A CRACK team of Capital students is heading to California for the final of a high-profile competition aimed at shaping the future of high-speed travel.
The University of Edinburgh HYPED team will compete this Sunday in SpaceX Hyperloop contest. They are the only UK representatives.
The Brainchild of billionaire entrepreneur Elon Musk, the revolutionary system is intended to propel passengers over land at around 750mph, travelling in pods through a vacuum tube.
“It’s fantastic and the level of support we’ve had from the university and others has been overwhelming,” HYPED head of sponsorship and engineering student Jack Noble said.
“We’re doing final prep and hopefully we’ll put on a good show over there. The team is working day and night to get ready on all aspects of the project. It’s been incredible.”
The team are pinning their hopes on Poddy The Second, their second Hyperloop pod, which features a pressurised habitable passenger cabin.
Powered by magnetic propulsion, the pod hovers above tracks to maximise frictionless speed and is made of carbon fibre to minimise weight.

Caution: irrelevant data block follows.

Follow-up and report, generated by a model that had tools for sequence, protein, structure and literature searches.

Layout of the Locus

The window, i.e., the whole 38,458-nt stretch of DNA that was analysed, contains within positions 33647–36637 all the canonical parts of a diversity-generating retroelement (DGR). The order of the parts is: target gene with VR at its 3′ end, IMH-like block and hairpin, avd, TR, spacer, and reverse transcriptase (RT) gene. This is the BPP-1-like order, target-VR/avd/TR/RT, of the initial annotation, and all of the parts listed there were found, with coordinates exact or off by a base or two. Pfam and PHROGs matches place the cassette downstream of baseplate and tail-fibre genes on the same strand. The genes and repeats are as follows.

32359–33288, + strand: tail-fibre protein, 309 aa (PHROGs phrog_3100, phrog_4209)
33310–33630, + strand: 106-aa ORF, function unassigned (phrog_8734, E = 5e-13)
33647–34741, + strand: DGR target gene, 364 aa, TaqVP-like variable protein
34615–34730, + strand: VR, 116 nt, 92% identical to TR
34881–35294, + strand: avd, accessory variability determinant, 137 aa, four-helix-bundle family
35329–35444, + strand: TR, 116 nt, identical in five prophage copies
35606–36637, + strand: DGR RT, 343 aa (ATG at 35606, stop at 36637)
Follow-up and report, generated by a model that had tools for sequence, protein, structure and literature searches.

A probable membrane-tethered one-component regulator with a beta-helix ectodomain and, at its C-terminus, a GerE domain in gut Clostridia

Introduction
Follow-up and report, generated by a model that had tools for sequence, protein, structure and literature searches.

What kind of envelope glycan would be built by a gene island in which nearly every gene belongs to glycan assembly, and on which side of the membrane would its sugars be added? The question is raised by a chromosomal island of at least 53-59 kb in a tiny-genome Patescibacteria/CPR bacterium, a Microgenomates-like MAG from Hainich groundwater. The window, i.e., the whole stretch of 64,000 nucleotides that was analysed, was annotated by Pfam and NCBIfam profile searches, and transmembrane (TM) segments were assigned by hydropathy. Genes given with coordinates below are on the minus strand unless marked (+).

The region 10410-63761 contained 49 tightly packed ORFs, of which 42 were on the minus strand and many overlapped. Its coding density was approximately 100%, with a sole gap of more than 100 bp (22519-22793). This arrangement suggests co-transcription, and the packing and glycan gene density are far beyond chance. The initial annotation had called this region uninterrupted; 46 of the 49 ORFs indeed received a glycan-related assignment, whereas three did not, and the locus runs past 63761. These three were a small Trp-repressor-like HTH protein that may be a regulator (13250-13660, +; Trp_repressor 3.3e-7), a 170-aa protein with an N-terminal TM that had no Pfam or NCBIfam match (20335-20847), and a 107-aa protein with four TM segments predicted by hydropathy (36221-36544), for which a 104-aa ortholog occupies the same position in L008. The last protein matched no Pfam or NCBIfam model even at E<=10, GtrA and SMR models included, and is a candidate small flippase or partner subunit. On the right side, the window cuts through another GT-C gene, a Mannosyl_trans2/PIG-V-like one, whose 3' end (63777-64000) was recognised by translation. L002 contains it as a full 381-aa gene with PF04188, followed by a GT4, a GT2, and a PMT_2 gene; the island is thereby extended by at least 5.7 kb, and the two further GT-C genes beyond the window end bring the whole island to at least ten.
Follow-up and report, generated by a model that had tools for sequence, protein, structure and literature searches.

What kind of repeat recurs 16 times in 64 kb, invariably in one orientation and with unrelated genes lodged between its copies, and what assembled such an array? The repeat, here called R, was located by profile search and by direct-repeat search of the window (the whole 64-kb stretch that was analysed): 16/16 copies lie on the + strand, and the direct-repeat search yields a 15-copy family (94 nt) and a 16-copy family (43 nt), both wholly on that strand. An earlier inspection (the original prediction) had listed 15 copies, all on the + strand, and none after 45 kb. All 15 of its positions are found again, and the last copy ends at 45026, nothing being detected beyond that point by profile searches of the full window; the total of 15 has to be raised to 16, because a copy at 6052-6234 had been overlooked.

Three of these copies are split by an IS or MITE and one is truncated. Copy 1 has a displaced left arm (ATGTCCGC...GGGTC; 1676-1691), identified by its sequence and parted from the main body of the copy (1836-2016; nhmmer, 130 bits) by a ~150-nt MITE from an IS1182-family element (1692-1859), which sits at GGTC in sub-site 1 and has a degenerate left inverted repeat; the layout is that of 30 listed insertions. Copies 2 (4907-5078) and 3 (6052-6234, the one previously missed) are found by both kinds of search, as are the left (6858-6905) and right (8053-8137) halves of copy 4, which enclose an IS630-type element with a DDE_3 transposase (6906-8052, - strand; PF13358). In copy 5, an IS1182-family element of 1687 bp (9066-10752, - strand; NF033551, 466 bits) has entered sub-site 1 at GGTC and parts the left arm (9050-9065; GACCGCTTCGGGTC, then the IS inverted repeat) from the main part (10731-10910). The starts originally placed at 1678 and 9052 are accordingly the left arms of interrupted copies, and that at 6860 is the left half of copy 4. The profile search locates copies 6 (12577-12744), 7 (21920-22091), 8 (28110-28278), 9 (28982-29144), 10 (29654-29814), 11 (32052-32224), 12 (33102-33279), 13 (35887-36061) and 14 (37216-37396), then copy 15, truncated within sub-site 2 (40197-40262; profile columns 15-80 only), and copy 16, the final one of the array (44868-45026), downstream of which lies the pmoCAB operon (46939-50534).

Its designers hope to notch speeds of around 200mph on a track measuring under a mile in the Californian desert.
Projected Hyperloop costs are less than high speed rail and more energy efficient. A pod could carry up to 20 passengers from Edinburgh to London in just 45 minutes.
The team will compete against 17 other teams from around the world at the event run by Musk’s aerospace company, SpaceX.
The competition will be preceded by a week of intense design validation tests. The team are now in California and have just received their prototype.
Two dozen students are working on final checks and improvements to their prototype at a secure rented workshop in Orange County.
Founded in 2015 by a small group of engineering students, HYPED has grown into an eclectic team of more than 100 from across the academic spectrum.
Students participate in the SpaceX competition as well as undertake research projects and presenting at conferences.
The team has also secured private and public funding to work on a commercial Hyperloop venture.
They won a design award at a SpaceX event held in Texas in January 2016 and took part in the 2017 Hyperloop Pod Competition final, taking on fellow top global institutions.
HYPED was also the only student team to win a top prize last year in related commercial competition, the Hyperloop Global Challenge, up against more than 2600 entrants.
Teams developed detailed plans for the most feasible routes to build one of the world’s first Hyperloop systems.
Some have questioned the technology, however. Prof Robert Noland said last year: “It’s unlikely to be cheaper and is even less likely to be practical.”